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Boudin is pre-cooked, but it's a fatty meat and it's not really a sausage as much as it is a meat mixture in a tube. When you open boudin, it easily falls apart.
Ah, my mistake. I am not familiar with boudin, just saw your post earlier today and it made me think of it. Thanks for the info CB
 

crankybuzzard

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Ah, my mistake. I am not familiar with boudin, just saw your post earlier today and it made me think of it. Thanks for the info CB
That's the main thrust of this forum, learning and teaching.

Seldom does a day go by that this site doesn't supply some new info for me!
 

oberst

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You guys have me thinking.  To answer some questions; am planning to use collagen casing.  Will definitely do a small batch.  Want to avoid crumbly and dry so will pay special attention to that advice.  Regarding the cooked meat not binding comment; one option will be to smoke/cook the geese short of fully done, and then finish with a heat boost after stuffing.

Another idea that comes to mind is to use venison, like 3.5 pounds, and add 1.5 pounds of smoked duck/goose fat instead of pork.  Take a look:  This is smoked duck leg.  About 4 hours with pecan, just warm smoked.


I can the duck legs with wild rice in a pressure cooker; will submit a piece on that later.  But before that, I trim the fat and it looks like this:


I use a maple syrup based brine, and let me say that this smoked fat is to die for!!  Of course the complication is finding huge mallards this incredibly fat!  So, I'm thinking as an add to venison this duck fat will be a real step up.

Really, when I smoke the geese (and my original thought was to go with a straight goose snack stik) I don't have to smoke/cook it until the IT says 'done'.  I can just smoke it until I have the amount of smoke desired, then grind, add cure and spices, and finish cooking in the oven.  That might help me avoid your concerns over getting too dry, crumbly, and not binding well.  Update coming after Thanksgiving.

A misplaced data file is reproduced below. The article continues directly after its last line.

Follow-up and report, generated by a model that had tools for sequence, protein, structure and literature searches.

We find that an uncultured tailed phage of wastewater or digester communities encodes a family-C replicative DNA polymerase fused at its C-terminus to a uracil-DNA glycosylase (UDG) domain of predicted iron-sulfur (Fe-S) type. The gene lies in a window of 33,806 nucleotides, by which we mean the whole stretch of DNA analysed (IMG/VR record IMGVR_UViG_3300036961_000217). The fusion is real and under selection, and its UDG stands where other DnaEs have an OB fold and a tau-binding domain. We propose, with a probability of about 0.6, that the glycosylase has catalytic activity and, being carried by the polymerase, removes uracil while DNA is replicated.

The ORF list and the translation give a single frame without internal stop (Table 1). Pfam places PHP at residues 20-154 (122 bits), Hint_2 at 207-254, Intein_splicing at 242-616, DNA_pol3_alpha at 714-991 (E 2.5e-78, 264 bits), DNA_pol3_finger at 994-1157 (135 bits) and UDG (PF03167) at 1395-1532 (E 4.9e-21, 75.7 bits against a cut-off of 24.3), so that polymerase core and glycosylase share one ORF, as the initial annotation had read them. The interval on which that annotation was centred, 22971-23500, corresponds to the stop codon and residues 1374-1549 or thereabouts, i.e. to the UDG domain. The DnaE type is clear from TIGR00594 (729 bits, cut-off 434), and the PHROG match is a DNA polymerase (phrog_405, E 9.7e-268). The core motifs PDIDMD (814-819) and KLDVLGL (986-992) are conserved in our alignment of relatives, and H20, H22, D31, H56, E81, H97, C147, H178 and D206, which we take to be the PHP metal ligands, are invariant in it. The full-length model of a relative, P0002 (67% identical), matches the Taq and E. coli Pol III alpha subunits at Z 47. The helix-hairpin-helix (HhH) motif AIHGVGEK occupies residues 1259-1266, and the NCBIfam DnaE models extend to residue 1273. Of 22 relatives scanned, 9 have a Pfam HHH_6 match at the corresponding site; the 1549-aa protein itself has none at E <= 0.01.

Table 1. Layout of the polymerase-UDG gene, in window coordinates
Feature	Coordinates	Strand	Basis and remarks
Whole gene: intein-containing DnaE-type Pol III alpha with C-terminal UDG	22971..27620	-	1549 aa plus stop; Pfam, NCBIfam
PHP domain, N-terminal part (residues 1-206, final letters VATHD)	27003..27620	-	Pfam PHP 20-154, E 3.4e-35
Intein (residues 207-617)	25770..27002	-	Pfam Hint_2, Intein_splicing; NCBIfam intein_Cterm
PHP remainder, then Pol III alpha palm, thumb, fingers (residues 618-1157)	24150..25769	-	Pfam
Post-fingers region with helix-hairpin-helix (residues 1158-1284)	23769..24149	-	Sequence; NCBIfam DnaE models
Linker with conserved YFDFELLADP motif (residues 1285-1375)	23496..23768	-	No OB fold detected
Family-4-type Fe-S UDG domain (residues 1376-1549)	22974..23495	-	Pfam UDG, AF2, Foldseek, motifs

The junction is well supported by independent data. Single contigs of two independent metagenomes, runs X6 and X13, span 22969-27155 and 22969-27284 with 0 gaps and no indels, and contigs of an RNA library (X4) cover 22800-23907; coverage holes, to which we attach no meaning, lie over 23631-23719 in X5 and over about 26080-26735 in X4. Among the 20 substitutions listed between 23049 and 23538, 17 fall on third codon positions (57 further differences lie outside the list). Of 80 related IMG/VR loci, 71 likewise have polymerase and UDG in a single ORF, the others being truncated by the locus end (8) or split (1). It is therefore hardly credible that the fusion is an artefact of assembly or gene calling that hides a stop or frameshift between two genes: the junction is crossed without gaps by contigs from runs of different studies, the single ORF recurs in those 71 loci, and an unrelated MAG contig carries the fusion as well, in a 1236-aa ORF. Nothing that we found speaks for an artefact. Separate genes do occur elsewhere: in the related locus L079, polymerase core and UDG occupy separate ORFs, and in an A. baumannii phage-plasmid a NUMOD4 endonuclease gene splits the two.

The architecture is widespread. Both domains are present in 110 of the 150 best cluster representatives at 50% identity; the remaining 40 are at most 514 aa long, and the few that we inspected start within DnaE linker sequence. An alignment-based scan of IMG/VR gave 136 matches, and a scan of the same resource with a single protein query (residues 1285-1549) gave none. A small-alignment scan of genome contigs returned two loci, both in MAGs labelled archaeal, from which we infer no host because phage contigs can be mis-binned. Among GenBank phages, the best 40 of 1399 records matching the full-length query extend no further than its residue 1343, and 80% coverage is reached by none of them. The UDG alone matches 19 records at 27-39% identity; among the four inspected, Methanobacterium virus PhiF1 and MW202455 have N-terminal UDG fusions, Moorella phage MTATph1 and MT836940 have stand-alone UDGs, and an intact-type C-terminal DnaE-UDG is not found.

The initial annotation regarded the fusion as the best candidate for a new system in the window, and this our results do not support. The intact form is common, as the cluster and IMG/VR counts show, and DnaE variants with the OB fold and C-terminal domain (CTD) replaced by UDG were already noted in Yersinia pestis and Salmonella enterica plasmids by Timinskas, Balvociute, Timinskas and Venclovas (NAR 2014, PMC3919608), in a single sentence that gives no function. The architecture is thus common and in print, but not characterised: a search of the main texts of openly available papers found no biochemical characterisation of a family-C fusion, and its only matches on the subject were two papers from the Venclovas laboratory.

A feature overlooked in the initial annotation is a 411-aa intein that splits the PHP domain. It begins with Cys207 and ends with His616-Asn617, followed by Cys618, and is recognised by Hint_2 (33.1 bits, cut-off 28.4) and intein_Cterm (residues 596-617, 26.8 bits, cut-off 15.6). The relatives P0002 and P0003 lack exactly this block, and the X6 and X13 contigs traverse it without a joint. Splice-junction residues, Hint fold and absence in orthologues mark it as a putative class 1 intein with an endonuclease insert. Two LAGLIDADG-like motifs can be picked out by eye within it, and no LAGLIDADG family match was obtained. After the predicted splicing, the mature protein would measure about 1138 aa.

daveomak

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Partially cooking meat without cure #1, allows pathogens to grow in the meat... then while cooling, they are still growing.... possible to a toxic state..... NEVER partially cook, meat whether in a smoker or oven.... The meat is in the danger zone too long.....
 

crankybuzzard

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Partially cooking meat without cure #1, allows pathogens to grow in the meat... then while cooling, they are still growing.... possible to a toxic state..... NEVER partially cook, meat whether in a smoker or oven.... The meat is in the danger zone too long.....
I agree, 100%.
 

oberst

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Hadn't fully considered that Dave!  Does brining the meat for 12+ hours before smoking help alleviate that concern, given that I'd be barely warm smoking the geese for maybe four hours, then grinding and adding cure at that point?

Or, after brining, would cold smoking keep me out of the danger zone while still getting the smoke safely on the meat? (cool in Missouri now; I can keep smoker chilly)

Or maybe I'm better off just grinding the geese, mixing and stuffing as usual, and smoking/cooking in the casings, like is typically done.

Or back to my original idea of fully smoking/cooking the geese and then stuffing; small batch to see how it works.

(I had food poisoning once, decades ago when I was young and strong; from that I can see how people die from it.)
 

daveomak

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I would make a regular sausage, with cure #1 and smoke at 160 until the IT is 145 for 1 hour then dunk in an ice bath... that will stop the shrinkage... 145 for 1 hour should kill every pathogen... It's supposed to kill it all in 4 minutes... longer is good... especially for wild game...


Temperature Time Temperature Time
°F (°C) (Minutes) °F (°C) (Seconds)
130 (54.4) 112 min 146 (63.3) 169 sec
131 (55.0) 89 min 147 (63.9) 134 sec
132 (55.6) 71 min 148 (64.4) 107 sec
133 (56.1) 56 min 149 (65.0) 85 sec
134 (56.7) 45 min 150 (65.6) 67 sec
135 (57.2) 36 min 151 (66.1) 54 sec
136 (57.8) 28 min 152 (66.7) 43 sec
137 (58.4) 23 min 153 (67.2) 34 sec
138 (58.9) 18 min 154 (67.8) 27 sec
139 (59.5) 15 min 155 (68.3) 22 sec
140 (60.0) 12 min 156 (68.9) 17 sec
141 (60.6) 9 min 157 (69.4) 14 sec
142 (61.1) 8 min 158 (70.0) 0 sec
143 (61.7) 6 min
144 (62.2) 5 min
145 (62.8) 4 min
Table C.1: Pasteurization times for beef, corned beef, lamb, pork and cured pork (FDA, 2009, 3-401.11.B.2).